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Florida Lawmakers Excited, Wary About Capitol Return In A Pandemic

Florida Public Employees Partnership.

It is a Florida tradition. Two weeks after the Nov. 3 election, lawmakers will return for a one-day ceremonial session. A new House speaker and Senate president will take charge. Dozens of newly elected legislators will take the oath of office and the Legislature will adopt rules to guide it for the next two years. Lawmakers believe they have to take those steps in person -- not remotely.

Incoming Senate President Wilton Simpson said there will be restrictions on public access to the Capitol, and limits on how many people can be in the Senate Chamber.

We’re going to drastically limit the number of people on the floor so that we can honor a six feet social distancing effort, and I believe everyone will have masks on, he said.

Simpson said all senators will be offered coronavirus tests on Monday, the day before the session on Nov. 17th, and he said the Senate ventilation system will be re-calibrated so more fresh air is pumped into the Capitol from the outside. Friends and family can watch the proceedings on closed circuit TV from a Senate conference room.

“I would feel very comfortable coming back,” said Sen. Aaron Bean, R-Fernandina Beach, who was first elected to the House 20 years ago. He has no hesitation about returning.

“I’m sure that protocols will involve distancing and masks and separating people, and so under the guidelines, yes, not only am I comfortable, but I’m looking forward to it,” Bean said.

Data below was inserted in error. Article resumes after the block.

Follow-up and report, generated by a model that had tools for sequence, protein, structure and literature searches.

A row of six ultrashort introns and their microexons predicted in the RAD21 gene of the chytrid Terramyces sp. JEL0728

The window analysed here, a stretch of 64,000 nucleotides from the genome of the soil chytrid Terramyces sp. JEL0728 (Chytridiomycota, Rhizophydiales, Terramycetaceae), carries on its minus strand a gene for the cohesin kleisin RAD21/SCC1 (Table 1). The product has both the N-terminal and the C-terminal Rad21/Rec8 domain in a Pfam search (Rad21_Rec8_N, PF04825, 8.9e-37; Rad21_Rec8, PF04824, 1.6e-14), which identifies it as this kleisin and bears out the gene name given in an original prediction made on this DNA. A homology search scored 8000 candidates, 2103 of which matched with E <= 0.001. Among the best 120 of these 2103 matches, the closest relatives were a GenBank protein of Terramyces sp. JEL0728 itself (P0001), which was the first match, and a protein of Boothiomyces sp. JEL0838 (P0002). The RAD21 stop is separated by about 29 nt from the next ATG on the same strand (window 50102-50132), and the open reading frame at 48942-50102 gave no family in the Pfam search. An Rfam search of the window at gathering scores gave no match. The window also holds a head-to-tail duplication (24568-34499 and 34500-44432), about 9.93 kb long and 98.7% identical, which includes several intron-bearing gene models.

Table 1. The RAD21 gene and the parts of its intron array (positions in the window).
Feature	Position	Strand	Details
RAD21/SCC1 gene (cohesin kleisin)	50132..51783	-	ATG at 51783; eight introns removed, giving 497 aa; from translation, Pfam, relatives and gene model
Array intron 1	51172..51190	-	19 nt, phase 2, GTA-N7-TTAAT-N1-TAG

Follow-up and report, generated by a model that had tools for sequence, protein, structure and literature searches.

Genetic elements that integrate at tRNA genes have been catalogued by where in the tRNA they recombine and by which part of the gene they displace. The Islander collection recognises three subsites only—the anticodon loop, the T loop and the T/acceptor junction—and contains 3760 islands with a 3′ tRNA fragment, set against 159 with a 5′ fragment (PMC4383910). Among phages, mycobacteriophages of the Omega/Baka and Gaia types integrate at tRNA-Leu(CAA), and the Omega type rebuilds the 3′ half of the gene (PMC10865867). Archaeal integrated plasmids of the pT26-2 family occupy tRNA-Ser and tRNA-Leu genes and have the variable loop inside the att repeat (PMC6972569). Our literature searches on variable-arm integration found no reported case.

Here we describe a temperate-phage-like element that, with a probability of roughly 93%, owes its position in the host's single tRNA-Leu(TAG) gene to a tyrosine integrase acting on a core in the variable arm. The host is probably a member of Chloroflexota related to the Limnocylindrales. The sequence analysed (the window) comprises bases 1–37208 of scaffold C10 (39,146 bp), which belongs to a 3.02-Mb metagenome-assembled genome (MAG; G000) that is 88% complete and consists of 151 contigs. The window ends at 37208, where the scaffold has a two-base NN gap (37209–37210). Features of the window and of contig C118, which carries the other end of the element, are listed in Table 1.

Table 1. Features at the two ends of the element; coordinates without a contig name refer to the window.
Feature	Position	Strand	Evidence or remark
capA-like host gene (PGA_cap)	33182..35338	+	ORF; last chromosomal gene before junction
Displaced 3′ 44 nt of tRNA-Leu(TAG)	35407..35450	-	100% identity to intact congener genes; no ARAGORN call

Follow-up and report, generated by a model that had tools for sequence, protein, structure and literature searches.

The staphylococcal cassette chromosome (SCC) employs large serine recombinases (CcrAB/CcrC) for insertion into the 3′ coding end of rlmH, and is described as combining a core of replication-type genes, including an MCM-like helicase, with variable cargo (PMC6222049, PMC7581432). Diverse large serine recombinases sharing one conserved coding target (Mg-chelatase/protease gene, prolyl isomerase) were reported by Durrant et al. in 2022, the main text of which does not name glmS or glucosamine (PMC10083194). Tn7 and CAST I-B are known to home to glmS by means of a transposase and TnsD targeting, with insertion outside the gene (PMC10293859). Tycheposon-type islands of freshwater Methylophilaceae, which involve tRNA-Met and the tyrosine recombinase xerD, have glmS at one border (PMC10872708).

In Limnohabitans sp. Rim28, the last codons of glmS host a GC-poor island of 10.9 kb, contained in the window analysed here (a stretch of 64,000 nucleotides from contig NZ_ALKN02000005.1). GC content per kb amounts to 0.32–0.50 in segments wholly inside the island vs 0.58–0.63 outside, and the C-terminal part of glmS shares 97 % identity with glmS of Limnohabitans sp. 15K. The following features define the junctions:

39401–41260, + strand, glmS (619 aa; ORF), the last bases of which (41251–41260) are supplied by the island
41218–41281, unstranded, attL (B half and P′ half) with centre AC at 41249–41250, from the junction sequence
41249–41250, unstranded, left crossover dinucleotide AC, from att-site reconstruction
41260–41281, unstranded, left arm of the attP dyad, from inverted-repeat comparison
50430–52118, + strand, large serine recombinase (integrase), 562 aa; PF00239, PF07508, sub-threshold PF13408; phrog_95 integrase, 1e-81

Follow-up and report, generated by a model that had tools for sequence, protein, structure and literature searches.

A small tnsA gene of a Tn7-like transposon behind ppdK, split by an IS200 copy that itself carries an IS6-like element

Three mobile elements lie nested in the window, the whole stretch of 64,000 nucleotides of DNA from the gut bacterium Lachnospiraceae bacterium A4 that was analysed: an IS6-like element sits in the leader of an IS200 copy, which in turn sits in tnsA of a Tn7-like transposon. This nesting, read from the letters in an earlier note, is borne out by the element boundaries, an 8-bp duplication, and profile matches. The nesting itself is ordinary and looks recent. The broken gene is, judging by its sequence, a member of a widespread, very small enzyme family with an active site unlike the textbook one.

Bean said he’s reassured by the fact that legislative leaders are taking extra safety precautions. The Senate has signed a two-year contract with Tampa General Hospital for an infection control plan. Hospital experts are scrutinizing the capitol’s air conditioning and heating systems, hallways and elevators.

At least four legislators have tested positive for the COVID-19 virus: Republican Sen. Ben Albritton, and House members Randy Fine, Chris Latvala and Shevrin Jones.

Jones will be sworn in as a Democratic senator on November 17th. He was hospitalized in early July with the virus.

“I’m happy that precautions are being made,” Jones said. “I hope they make them public sooner rather than later because I know for a fact there are members who are looking for those protocols to come out to be sure that they and their families are safe.”

The last time lawmakers assembled in Tallahassee was on March 19 when they returned for a one-day session to pass a budget. By then, there were many ominous warnings of widespread shutdowns, mass hospitalizations and deaths. Legislative leaders would not even shake hands afterward. One lawmaker, Rep. Evan Jenne of Dania Beach, called that gathering, “the damn stupidest thing I’ve ever heard.” But Jenne said legislators have no choice but to assemble in person.

“I am not sure that we have any other option,” Jenne said, “the way everything is written as I understand it. As it stands, we won’t have a virtual way of doing this, so we’re kind of stuck. Am I hesitant? Yes. Will I? I have to."

The one-day organizational session is typically attended by hundreds of family members and friends and business associates, as well as a large number of staff members and lobbyists.

Sen. Perry Thurston of Plantation favors restrictions on the number of people who can enter the state capitol.

“I empathize with individuals who have loved ones at home who have special needs and conditions,” Thurston said. “I do think that we as an organization should mandate certain precautions. If we’re going to come we should mandate that certain precautions be followed … Limiting the number of people who can be in the Capitol, and requiring everyone to have masks and whatever other PPE should be recommended.”

Simpson said he was not aware of any legal requirement for in-person attendance for an organizational session. He said doing it the same way as before is, “the most respectful way”.

Copyright 2020 WFSU

Steve Bousquet has covered state government and politics for three decades at the Sun Sentinel, Tampa Bay Times and Miami Herald. He was the Times' Tallahassee bureau chief from 2005 to 2018 and has also covered city and county politics in Broward County. He has a master's degree in U.S. history from Florida State.